Imagine having a daylong Thanksgiving feast every day for a month, then, only pauper’s rations the rest of the year.
University of Washington researchers have discovered Dolly Varden, a kind of trout, eating just that way in Alaska’s Chignik Lake watershed.
Organs such as the stomach and intestines in the Dolly Varden doubled to quadrupled in size when eggs from spawning sockeye salmon became available each August, the researchers found. They were like vacuums sucking up the eggs and nipping at the flesh of spawned-out salmon carcasses.
Then, once the pulse of eggs and spawning salmon ceased, the guts shrank and the fish lived for nearly a year off the reserves they’d built up because there is little else to eat.
Certain snakes, birds about to migrate and Atlantic cod in the laboratory are known to grow and shrink their digestive track in response to gorging, but this is the first time researchers have documented wild fish doing so, according to Jonathan Armstrong and Morgan Bond, UW doctoral students in aquatic and fishery sciences when the work was conducted. They are the authors of a paper in the Journal of Animal Ecology published online March 20.
Dolly Varden, bull trout and brook trout are among the North American members of the char family, part of the larger trout and salmon lineage. These particular Dolly Varden live where insects and other prey are scarce because of the long, cold winters. The fish can’t do without the yearly egg “subsidy.” Survival depends on there being lots of returning salmon, spawning naturally.
Depleted runs or rivers full of salmon returning to hatcheries just won’t do it, a factor for managers to consider if it turns out other fish have evolved the ability to grow and shrink their guts to take advantage of food pulses.
“Wild salmon runs have been dramatically reduced across much of the lower 48 states and often are replaced with hatchery fish,” Armstrong said. “When salmon are spawned in hatcheries, bull trout – which are threatened in the Pacific Northwest – as well as juvenile coho salmon and other species of concern to conservationists no longer have the opportunity to feed on salmon eggs, which are an incredible food source.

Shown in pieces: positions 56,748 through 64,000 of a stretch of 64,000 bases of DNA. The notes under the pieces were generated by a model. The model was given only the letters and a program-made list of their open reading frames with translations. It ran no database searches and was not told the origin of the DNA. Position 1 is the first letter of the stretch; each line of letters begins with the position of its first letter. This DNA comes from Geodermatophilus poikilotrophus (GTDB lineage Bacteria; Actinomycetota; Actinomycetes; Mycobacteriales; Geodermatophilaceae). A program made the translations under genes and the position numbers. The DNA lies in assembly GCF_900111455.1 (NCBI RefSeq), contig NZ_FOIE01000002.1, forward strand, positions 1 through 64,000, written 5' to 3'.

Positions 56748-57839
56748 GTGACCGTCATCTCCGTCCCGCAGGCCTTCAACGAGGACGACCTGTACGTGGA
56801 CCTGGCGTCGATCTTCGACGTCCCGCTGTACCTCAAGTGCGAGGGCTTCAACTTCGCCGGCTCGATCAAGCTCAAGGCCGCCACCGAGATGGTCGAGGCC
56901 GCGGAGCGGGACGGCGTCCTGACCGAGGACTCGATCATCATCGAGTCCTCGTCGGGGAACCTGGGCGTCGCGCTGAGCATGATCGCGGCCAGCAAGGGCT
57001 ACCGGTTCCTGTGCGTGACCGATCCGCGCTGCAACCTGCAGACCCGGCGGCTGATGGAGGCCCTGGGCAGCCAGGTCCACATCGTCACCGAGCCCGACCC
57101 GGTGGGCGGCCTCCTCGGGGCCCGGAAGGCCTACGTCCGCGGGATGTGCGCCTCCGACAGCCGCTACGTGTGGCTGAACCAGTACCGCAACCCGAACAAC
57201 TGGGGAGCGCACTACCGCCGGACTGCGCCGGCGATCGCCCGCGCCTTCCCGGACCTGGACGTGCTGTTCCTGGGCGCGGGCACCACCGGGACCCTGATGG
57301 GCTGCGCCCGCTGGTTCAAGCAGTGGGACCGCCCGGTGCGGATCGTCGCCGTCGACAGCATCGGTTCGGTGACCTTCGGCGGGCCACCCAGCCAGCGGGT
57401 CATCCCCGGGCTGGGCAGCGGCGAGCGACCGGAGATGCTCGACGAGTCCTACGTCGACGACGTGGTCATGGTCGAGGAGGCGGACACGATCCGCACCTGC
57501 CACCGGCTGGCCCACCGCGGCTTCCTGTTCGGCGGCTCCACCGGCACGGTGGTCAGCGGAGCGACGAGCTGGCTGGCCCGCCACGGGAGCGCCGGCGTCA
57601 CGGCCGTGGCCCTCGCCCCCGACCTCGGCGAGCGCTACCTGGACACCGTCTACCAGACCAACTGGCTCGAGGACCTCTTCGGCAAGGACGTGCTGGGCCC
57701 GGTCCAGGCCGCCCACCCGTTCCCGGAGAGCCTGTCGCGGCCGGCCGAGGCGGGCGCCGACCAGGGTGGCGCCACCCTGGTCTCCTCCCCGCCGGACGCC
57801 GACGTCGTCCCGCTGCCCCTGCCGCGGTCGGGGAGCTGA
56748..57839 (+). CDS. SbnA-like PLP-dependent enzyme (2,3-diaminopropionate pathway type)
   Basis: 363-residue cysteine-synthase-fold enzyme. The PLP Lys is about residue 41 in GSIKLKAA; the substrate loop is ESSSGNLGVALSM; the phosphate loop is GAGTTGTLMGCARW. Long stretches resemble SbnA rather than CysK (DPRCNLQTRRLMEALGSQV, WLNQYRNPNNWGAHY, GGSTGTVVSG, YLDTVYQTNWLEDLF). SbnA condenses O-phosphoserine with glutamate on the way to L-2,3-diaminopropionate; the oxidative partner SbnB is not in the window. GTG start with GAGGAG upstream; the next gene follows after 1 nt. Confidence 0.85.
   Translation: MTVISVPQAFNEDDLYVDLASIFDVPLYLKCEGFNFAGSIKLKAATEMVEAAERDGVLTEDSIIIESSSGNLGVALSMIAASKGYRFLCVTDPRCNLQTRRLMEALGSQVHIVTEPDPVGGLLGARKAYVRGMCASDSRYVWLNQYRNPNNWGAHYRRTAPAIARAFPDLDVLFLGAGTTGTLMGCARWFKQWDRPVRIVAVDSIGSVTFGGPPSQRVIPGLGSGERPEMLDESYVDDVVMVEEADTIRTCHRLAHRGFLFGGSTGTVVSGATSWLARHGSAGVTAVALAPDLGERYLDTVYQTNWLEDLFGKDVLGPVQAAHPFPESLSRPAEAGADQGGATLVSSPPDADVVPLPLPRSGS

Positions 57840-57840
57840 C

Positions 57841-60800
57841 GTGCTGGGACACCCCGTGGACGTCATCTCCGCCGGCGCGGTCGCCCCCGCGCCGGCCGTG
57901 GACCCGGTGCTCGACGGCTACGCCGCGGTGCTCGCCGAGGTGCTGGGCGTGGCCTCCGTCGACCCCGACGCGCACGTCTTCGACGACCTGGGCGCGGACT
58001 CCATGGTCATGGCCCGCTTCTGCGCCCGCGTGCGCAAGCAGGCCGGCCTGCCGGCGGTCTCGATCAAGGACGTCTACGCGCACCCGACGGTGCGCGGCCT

“Our society invests heavily in restoring stream ecosystems. Our study emphasizes the importance of conserving food webs. You can pay millions of dollars to add wood to a stream and take other steps to restore habitat but if there’s nothing for fish to eat, you might not see positive results,” Armstrong said.
It appears that Alaska is protecting coastal watersheds and conserving the inherent productivity of salmon runs, the authors said, and there are enough salmon to support commercial fisheries that harvest half, or more, of the returning fish as well as upstream consumers like Dolly Varden.
“The intact ecosystems of the Bristol Bay region produce staggering amounts of salmon. Even after half of the sockeye run is harvested, there are still enough fish left over to produce the iconic image of a stream turned red by aggregations of salmon in their bright spawning colors, salmon are so abundant that we can count them from airplanes.”
In the Alec River, where the work was conducted, so many sockeye salmon return that as females dig nests in the stream they unearth caches of eggs left by earlier spawners, Bond said. The eggs roll along the stream beds, get caught in crannies along banks and concentrate in swirling eddies where Dolly Varden and other animals chow down on them.
A 2-foot-long (60-centimeter) adult Dolly Varden can eat one-third to one-half pound (150 to 230 grams) of eggs a day.
“For a long time Dolly Varden were vilified as being bad for salmon, in part because they eat the eggs,” Bond said. “But they don’t dig up eggs, other salmon do. Dolly Varden are eating eggs that aren’t viable.”
After the monthlong all-you-can-eat buffet, it’s important that the Dolly Varden digestive track shrinks because big guts demand a lot of energy from an animal. A normal-size gut, for example, uses about 30 percent of the animal’s energy when it is at rest, Bond said. By weight, the fish’s digestive track takes more energy to maintain than its muscles or brain. By shrinking their gut Dolly Varden can cut their energy costs and survive until the next round of spawning salmon arrives.
“They live close to the edge though, getting skinnier and skinnier each month until salmon return in the late summer,” Bond said.
Conserving energy is crucial when the fish is essentially fasting most of the year. Many fish – including young Dolly Varden – head to the sea seeking food all summer long before returning to their home rivers. But once Dolly Varden reach 16 or 17 inches (40 to 43 centimeters) in length they begin staying put, waiting for the feast to come to them.
It’s an evolutionary adaptation that could be protecting them from the predators and other hazards encountered by fish going to sea, the co-authors say.
“These are pretty large-bodied fish living in a place that is relatively nutrient poor but the egg subsidy allows the fish to remain in fresh water year after year. They don’t have to go to sea,” Bond said.
The work was funded by the National Science Foundation, Gordon and Betty Moore Foundation, Alaska salmon processors and the UW School of Aquatic and Fishery Sciences.